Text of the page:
By Miguel A. Melendez, ETOnline.com.

Jane Fonda has just announced she’s been diagnosed with non-Hodgkin’s Lymphoma. The 84-year-old actress took to Instagram on Friday to reveal the news, while adding that she’s also already started chemo treatments.

“This is a very treatable cancer,” she said in a lengthy post on Instagram. “80 per cent of people survive, so I feel very lucky. I’m also lucky because I have health insurance and access to the best doctors and treatments. I realize, and it’s painful, that I am [privileged] in this. Almost every family in America has had to deal with cancer at one time or another and far too many don’t have access to the quality health care I am receiving and this is not right.”

Fonda, who made headlines in 2020 with her climate change protests in Washington D.C., and subsequent arrests, also revealed that she’s doing chemo for six months. She said she’s “handling the treatments quite well and, believe me, I will not let any of this interfere with my climate activism.”

She added that “cancer is a teacher and I’m paying attention to the lessons it holds for me. One thing it’s shown me already is the importance of community. Of growing and deepening one’s community so that we are not alone. And the cancer, along with my age — almost 85 — definitely teaches the importance of adapting to new realities.”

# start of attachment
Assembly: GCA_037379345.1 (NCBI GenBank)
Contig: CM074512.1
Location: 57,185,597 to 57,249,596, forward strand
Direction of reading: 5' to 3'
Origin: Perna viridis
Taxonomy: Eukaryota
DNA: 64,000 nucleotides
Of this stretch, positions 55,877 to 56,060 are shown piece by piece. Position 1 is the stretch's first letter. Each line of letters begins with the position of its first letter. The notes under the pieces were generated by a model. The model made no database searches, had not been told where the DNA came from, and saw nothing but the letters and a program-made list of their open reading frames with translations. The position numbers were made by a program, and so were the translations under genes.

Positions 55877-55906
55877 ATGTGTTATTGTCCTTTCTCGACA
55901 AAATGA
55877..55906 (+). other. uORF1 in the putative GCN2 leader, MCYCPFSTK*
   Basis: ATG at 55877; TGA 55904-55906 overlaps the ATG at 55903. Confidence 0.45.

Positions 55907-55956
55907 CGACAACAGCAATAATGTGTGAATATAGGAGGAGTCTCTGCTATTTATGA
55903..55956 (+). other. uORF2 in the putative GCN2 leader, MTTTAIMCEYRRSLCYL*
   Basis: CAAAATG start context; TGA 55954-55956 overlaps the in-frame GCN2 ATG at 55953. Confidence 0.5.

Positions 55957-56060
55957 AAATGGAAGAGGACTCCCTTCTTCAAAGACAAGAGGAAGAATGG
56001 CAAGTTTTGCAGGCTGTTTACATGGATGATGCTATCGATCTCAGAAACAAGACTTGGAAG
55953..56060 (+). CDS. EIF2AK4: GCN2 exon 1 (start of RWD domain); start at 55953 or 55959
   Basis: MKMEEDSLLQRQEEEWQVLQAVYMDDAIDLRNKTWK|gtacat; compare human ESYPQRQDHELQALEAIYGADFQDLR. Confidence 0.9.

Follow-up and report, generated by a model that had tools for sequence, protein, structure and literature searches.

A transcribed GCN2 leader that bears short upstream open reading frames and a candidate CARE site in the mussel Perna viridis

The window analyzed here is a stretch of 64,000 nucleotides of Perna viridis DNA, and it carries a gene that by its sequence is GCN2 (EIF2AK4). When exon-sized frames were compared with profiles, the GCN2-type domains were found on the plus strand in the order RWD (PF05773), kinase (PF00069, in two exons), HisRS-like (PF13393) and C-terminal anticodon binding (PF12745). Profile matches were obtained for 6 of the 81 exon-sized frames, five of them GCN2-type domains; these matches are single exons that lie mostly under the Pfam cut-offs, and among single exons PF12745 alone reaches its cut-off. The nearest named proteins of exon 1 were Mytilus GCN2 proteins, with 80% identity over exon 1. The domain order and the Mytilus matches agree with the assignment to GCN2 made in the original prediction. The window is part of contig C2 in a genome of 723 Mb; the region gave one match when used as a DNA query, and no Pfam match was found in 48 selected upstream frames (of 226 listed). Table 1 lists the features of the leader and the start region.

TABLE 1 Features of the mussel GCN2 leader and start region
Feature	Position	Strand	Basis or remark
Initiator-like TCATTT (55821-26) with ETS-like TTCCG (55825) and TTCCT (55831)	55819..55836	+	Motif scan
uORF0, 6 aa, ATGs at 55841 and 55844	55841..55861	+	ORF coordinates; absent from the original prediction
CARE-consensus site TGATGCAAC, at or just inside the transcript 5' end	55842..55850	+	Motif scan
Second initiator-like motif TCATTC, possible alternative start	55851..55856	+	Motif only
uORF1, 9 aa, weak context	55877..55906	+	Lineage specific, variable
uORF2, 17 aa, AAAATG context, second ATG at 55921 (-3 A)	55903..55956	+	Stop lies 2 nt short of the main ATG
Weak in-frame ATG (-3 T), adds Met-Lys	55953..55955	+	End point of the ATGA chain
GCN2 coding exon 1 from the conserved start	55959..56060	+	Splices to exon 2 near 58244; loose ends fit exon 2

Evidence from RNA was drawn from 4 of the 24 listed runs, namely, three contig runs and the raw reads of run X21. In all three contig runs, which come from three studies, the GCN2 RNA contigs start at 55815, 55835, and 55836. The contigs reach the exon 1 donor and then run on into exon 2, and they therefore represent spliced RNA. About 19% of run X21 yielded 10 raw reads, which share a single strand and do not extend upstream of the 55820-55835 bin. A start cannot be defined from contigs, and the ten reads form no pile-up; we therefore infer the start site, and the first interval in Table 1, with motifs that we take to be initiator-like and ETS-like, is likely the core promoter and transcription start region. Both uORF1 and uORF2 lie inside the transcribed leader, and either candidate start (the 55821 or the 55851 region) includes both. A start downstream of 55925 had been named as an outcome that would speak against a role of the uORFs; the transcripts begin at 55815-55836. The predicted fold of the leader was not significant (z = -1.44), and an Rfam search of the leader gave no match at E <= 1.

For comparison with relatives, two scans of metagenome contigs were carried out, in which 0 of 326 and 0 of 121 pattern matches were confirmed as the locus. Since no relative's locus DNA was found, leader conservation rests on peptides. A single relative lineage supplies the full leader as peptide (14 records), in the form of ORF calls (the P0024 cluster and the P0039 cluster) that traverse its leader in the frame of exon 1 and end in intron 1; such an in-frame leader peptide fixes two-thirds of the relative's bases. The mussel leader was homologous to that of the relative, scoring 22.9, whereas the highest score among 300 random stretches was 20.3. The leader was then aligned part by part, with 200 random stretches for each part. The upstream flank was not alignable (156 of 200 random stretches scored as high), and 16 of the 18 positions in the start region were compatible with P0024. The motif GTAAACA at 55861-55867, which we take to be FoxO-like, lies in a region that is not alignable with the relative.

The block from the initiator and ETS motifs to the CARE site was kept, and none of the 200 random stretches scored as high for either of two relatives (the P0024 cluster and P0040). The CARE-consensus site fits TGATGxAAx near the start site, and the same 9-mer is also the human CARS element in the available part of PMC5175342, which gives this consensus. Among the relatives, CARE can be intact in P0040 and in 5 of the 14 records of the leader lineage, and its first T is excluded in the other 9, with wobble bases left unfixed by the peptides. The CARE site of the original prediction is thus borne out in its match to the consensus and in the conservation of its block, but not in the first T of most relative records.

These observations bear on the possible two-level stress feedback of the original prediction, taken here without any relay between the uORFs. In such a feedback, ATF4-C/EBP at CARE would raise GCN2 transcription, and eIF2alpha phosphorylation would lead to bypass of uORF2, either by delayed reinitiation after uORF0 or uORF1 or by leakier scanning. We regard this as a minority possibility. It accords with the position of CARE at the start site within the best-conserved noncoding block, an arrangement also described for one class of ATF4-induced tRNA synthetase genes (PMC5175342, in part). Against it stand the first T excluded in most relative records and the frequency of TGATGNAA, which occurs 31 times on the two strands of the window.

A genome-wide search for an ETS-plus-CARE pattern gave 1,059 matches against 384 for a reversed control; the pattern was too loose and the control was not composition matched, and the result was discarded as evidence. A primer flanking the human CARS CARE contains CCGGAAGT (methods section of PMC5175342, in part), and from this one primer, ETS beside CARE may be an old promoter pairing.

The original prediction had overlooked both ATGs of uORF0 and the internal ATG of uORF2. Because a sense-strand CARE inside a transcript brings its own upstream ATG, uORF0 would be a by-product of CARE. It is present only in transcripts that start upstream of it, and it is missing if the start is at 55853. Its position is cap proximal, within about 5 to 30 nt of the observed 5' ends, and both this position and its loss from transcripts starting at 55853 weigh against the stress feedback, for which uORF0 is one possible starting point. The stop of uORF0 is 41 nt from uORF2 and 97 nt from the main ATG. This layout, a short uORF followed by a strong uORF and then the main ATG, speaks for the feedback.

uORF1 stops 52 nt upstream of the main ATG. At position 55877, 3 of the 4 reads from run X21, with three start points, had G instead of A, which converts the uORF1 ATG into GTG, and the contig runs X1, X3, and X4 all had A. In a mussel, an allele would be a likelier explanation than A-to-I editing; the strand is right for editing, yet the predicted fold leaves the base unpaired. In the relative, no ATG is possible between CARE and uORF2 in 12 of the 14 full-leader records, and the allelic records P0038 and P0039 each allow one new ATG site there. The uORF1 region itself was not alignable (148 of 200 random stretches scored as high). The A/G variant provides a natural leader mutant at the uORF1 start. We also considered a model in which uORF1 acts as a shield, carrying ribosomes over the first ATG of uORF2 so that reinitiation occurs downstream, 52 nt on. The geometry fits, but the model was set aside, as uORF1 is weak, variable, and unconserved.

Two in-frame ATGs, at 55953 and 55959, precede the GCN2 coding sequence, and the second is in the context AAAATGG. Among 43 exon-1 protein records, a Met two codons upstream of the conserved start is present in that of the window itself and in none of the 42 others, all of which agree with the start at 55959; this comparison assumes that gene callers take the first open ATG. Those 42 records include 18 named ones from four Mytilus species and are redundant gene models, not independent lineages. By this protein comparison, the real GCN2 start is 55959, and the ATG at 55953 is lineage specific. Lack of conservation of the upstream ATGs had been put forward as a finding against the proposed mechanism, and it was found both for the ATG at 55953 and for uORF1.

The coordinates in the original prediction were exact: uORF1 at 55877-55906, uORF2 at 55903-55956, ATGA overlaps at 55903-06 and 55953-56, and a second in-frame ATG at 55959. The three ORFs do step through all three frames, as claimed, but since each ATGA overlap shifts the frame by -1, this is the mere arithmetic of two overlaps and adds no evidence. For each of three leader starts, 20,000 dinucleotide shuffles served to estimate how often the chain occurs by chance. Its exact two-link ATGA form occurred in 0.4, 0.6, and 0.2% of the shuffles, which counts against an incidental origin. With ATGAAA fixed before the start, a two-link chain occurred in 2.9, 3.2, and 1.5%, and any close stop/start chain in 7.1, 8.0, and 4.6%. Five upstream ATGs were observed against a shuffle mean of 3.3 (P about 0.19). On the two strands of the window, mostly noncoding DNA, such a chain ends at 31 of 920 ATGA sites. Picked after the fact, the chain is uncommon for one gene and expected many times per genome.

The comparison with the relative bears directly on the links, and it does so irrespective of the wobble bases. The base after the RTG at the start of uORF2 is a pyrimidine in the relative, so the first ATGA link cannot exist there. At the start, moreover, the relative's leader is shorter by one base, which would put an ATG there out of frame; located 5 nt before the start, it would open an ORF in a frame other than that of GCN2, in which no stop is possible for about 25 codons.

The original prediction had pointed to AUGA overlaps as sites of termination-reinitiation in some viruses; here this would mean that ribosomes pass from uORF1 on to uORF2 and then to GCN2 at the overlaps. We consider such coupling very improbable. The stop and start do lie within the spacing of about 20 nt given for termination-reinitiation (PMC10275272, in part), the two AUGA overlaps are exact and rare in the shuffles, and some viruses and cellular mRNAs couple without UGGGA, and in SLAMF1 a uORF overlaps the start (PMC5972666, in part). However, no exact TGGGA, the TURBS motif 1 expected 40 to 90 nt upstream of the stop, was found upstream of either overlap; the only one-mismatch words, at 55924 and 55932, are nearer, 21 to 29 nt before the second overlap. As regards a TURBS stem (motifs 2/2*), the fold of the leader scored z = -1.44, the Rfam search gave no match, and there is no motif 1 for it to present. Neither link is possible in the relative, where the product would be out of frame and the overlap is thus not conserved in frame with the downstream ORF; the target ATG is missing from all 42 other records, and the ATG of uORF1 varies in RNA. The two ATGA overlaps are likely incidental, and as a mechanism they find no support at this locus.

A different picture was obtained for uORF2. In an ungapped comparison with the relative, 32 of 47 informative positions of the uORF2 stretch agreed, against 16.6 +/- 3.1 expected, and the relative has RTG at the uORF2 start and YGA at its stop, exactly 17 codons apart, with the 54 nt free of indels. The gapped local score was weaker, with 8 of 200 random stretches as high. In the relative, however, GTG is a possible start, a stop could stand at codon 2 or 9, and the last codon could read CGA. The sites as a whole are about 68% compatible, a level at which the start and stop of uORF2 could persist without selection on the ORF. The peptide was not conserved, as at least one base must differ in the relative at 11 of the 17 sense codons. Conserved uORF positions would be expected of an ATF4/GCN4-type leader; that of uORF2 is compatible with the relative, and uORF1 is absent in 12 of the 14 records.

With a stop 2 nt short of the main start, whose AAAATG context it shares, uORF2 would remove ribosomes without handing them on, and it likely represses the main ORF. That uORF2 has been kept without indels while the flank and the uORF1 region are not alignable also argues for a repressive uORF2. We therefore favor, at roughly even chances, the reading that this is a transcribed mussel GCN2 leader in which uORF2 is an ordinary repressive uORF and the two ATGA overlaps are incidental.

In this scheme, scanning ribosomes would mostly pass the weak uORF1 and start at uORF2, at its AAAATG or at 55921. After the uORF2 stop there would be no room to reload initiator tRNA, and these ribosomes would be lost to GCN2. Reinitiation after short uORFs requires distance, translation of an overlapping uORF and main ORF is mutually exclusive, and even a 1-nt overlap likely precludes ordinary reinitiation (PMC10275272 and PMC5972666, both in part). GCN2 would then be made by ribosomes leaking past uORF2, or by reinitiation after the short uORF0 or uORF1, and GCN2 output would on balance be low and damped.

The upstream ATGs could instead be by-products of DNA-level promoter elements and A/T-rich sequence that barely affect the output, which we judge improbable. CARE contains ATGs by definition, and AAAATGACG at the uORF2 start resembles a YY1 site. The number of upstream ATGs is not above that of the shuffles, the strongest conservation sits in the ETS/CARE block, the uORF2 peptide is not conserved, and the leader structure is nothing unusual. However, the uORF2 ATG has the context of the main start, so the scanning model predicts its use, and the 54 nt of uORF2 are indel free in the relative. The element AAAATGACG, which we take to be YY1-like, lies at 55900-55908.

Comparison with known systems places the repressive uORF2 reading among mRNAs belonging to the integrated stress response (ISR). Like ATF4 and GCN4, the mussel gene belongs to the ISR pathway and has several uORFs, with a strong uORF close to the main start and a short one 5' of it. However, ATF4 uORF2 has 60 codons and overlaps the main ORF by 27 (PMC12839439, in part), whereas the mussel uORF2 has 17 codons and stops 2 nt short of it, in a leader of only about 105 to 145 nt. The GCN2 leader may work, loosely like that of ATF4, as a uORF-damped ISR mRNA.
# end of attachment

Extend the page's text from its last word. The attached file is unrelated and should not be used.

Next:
“We’re living through the most consequential time in human history because what we do or don’t do right now will determine what kind of future there will be and I will not allow cancer to keep me from doing all I can, using every tool in my toolbox and that very much includes continuing to build this Fire Drill Fridays community and finding new ways to use our collective strength to make change,” Fonda continued.

Fonda, who turns 85 in December, told ET’s Rachel Smith back in July that when it comes to aging she encourages it.

“I know this sounds strange, but it’s great to get older. I mean, obviously it beats the alternative, which is to die,” Fonda said at the time. “It’s so hard to be young. I mean, it’s always been hard to be young — it’s even more hard now… It’s all like, ‘Who am I supposed to be? What am I supposed to do? What kind of a job am I supposed to have? Where am I supposed to go with my life? Why am I even here? Who should be my friends?’”

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Ellen Bullock